Chris reviews the Eton Field BT and an important note about the discontinued Grundig S350DL

The Eton Field BT

Many thanks to SWLing Post contributor, Chris Freitas, who notes that’s he’s published a favorable review of the Eton Field BT on his blog: Chris Freitas on Radio

The Field BT shares the same basic chassis as the Tecsun S-8800 (check out the review published yesterday) and several other receivers including the Grundig S350DLS450DLX, and the C.Crane CCRadio-SW.

Chris and I both agree that one benefit to this type of large portable is the excellent audio fidelity they can provide.

Read Chris’ full review here.

Not all large portables are created equally

The S350DL may look like a digital radio, but it’s actually analog inside and tuning is prone to drift.

Important clarification: The Field BT–just like the S-8800 and S450DLX–does not have the flaky analog tuning of the discontinued Grundig S350DL series.

Since I started publishing videos of the Tecsun S-8800 in action, I’ve received feedback indicating that many assume the S-8800 will drift off frequency like the 2008 era GS350DL.

It’s true that both radios share a common form factor, but that’s where the similarities end.

The S350DL is actually an analog single conversion receiver with a digital frequency display. The S350DL tuning knob has an inner ring for fine tuning and an outer ring for speedy tuning. The big disadvantage of the S350DL is that it drifts off frequency every time the wind blows. At least, that’s how it seems. It’s a little frustrating, and that’s why mine pretty much stays tuned to one station on my kitchen shelf. Even then, it manages to drift off frequency every few days.

The Eton Field BT, Eton Field, Grundig S450DLX, C. Crane CCRadio-SW and Tecsun S-8800, on the other hand, all have a pure digital tuning experience with no drift at all. Most of these are at least double conversion and the S-8800 is even triple conversion.

Chris, thanks again for sharing your review of the Field BT! It sounds like a major improvement over its predecessor, the S450DLX. I understand you’re also evaluating the excellent Grundig Traveller III–we look forward to that review when published!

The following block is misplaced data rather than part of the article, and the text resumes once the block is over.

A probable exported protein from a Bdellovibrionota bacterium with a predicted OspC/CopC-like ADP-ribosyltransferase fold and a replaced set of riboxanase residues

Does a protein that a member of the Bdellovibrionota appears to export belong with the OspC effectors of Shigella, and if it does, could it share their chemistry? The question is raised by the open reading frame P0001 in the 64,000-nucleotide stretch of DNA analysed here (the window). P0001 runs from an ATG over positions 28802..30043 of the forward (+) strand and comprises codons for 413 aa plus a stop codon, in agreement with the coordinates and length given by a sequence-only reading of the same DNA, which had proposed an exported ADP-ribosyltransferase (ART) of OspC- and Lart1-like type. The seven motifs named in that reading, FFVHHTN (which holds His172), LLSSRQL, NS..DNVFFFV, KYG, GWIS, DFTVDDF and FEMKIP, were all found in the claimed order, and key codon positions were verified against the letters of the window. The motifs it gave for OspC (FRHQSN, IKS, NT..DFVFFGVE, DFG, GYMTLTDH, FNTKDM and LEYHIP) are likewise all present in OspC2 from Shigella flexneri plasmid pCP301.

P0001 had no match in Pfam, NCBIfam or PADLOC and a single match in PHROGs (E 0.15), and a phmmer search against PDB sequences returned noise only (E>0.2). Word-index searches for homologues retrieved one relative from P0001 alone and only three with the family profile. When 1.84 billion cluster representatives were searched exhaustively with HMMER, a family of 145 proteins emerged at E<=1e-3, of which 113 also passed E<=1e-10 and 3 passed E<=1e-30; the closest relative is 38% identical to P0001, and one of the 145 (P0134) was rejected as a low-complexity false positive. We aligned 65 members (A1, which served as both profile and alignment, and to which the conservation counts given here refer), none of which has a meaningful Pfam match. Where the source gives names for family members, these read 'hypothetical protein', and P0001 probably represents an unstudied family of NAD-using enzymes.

Spread the radio love

4 thoughts on “Chris reviews the Eton Field BT and an important note about the discontinued Grundig S350DL

  1. Erik

    I have one of these radios and I am still new to SWLing. I’d like to try an external antenna on this radio. What do you recommend? Should I get a coaxial? I have two old grinding reel wire antennas. One is labeled “AN-03,” the other has no specification. I saw an adapter on Amazon – “AEcreative 3.5mm External Antenna Plug to BNC Adapter for shortwave Radio Receiver Eton Grundig 750 Tecsun s2000 Uniden Scanner RG-316”
    Would that work?
    Any help would be greatly appreciated.

    Reply
  2. Chris Freitas

    Having used the Eton Field BT, I don’t really miss SSB but it would be a nice feature to have at this time while trying to listen to the Hurricane Watch Net. My “fix” for that is adding their webstream to TuneIn Radio on my Google Pixel and use the Bluetooth mode.

    As for multiple bandwidths, I would like that on the BT but I’ve found the Narrow and Wide bandwidths acceptable for listening.

    Perhaps when the price is far less, I might convince myself to try it out and compare the two. Right now, the current price of the S-8800 is a bit too much to swallow, but I do like the remote control feature to offset the lack on digital keypad as well as selectable bandwidths and SSB.

    Reply
  3. Troy Riedel

    This is definitely a cheaper alternative to the Tecsun S-8800 (street price of $115 vs. $268) … with RDS but without SSB & many more BW settings (just a generalization – there are more differences).

    I’m hoping somebody eventually does a YouTube comparison between the two since these are in the same class of portable receiver.

    Reply
  4. Pingback: How to fix the Grundig S350DL’s mechanical tuning drift problem | The SWLing Post

Leave a Reply

Your email address will not be published. Required fields are marked *

This site uses Akismet to reduce spam. Learn how your comment data is processed.